The other two colleagues were Dally Matthew and Rodriguez Jesus. Dally is Hispanic and attends the drug-addiction/withdrawal support group on Harlem Street. Jesus is a Latino from the Housing Authority, sector 8 units.The driver was not able to hear all these experiences of deliberate locked bus doors and buses that do not stop for a certain category of people. She was sharing her story with Emeralda. She had just put down her cell. She had just heard from her family. They were reminding her to buy anti-pest sprays. Reginald Brown from Washington DC remarked he has helped his clients to fumigate pests and bed-bugs. It was a daily occurrence to him! As soon as the bus moved Dally fell asleep! John did not get to hear him talk, except when he acknowledged his names as they were introduced. Rodriguez went to a corner by himself!
REMAINING SOBER IN THE FACE OF INDIGNITY:
The bus moved on up to John's destination. John got out and he thanked Ms. Luchenco for driving them up to this destination! It was an experience for John
LESSONS LEARNT:
Drivers in the public transport sector need to be constantly reminded that in a hospitality-based industry human needs are vast. These needs most of the times cause many to open doors for people to get warm and cozy in our buses, even if it may not be a normal procedure!

The Five Rules to Remember When faced with discrimination and bias ridden treatment

1. First and foremost do not judge another person.
2. Secondly do not get angry.
3. Thirdly engage the person in conversation.
4. Fourthly share your own feelings.
5. Fifth work out or resolve the issue on the spot.

The Five Best Practices against Localized Racism, Discrimination and Bias ridden Tendencies

Action
Benefits to the perpetrator ( Abuser)
Benefits the recipient (victim of abuse)
First and foremost do not judge another person. .
It helps to be clear and have perspective
 
Secondly do not get angry
It promotes empathy
Clarity of mind
Thirdly engage the person in conversation
Identify the harm and fears
Identify harm and fears
Fourthly share your own feelings.
Share the impact of harm to you as a human being/sensitivity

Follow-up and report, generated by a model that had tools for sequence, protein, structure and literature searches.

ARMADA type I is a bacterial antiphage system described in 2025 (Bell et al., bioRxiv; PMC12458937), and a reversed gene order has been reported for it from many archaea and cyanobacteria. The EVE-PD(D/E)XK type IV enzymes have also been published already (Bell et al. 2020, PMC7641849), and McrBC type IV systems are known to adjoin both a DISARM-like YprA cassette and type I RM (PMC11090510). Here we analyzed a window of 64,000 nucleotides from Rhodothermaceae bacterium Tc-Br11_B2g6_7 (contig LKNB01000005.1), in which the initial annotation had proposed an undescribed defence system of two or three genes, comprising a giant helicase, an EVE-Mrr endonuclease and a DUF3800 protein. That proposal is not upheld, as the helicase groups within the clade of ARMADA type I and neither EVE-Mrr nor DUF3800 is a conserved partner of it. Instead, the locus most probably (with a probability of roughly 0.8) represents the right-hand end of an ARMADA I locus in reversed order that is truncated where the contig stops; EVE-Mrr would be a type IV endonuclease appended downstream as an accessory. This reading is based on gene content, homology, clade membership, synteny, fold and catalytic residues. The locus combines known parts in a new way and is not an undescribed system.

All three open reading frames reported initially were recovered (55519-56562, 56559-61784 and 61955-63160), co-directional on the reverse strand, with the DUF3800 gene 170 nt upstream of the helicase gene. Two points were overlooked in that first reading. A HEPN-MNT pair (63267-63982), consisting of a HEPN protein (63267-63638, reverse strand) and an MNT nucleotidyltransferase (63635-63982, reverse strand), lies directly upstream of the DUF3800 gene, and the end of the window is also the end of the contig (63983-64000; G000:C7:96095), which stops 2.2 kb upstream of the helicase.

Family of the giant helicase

Shared responsibility
Fifth work out or resolve the issue on the spot
Commit to non-violence processing and emphasize non re-occurrence/ non recidivism
Elicit commitment to non re-occurrence through non aggression or retribution

Laws will stop Racist Tendencies

Does it also require human effort to question racist and supremacist tendencies?

  •  Yes.
  •  No.
  •  May be
See results without voting

Community self help and fund raising events

The three most important points in fundraising is transprency, network building and accountability

Principles to note when Fund raising at Community or grass root levels

Funds to do an activity may be dwindling or were never earmarked at all. Yet, the need could be apparent and pressing. There are tricks you can employ. Read this short story and note the principles in Community Based Fund raising.

There are different reasons why we engage in fund raising activities:
1. to look for and seek for funding for recurrent activities.
2. to off set debts
3. to have start up funds for an organization.

There are different organizations and causes for which the money that is raised can be used:
it could be Heart Fund, feeding the homeless, caring for seniors or sustaining a shelter program.

CASE STUDY: RUNNING A SMALL GRASS ROOT ORGANIZATION:
Our story:
We got news about our work in the community in Worcester, MA. There was demand for our community out reach activities. The urgent message was that we needed to continue with community based education and engage as many people in exercises, calisthenics and nutrition awareness.
How we did our work:
We had visited education facilities, senior living homes, work places, prayer places, libraries, Sports facilities, Corporations, CSOs/NGOs and Community leaders. We knocked on doors of different homes.
We were calling upon every one to help us raise money but also to come join us at the 'City Heart Day' event that was to be held at the City Commons preceded by a walk. The walk was split into two. We anticipated there would be those who could walk the 5 miles and those who would prefer the 2 miles.
The corporations and many well wishers sponsored this event. All required paraphernalia were in place. Water, consumables, candies and meals. The Emergency Health Unit was in place too.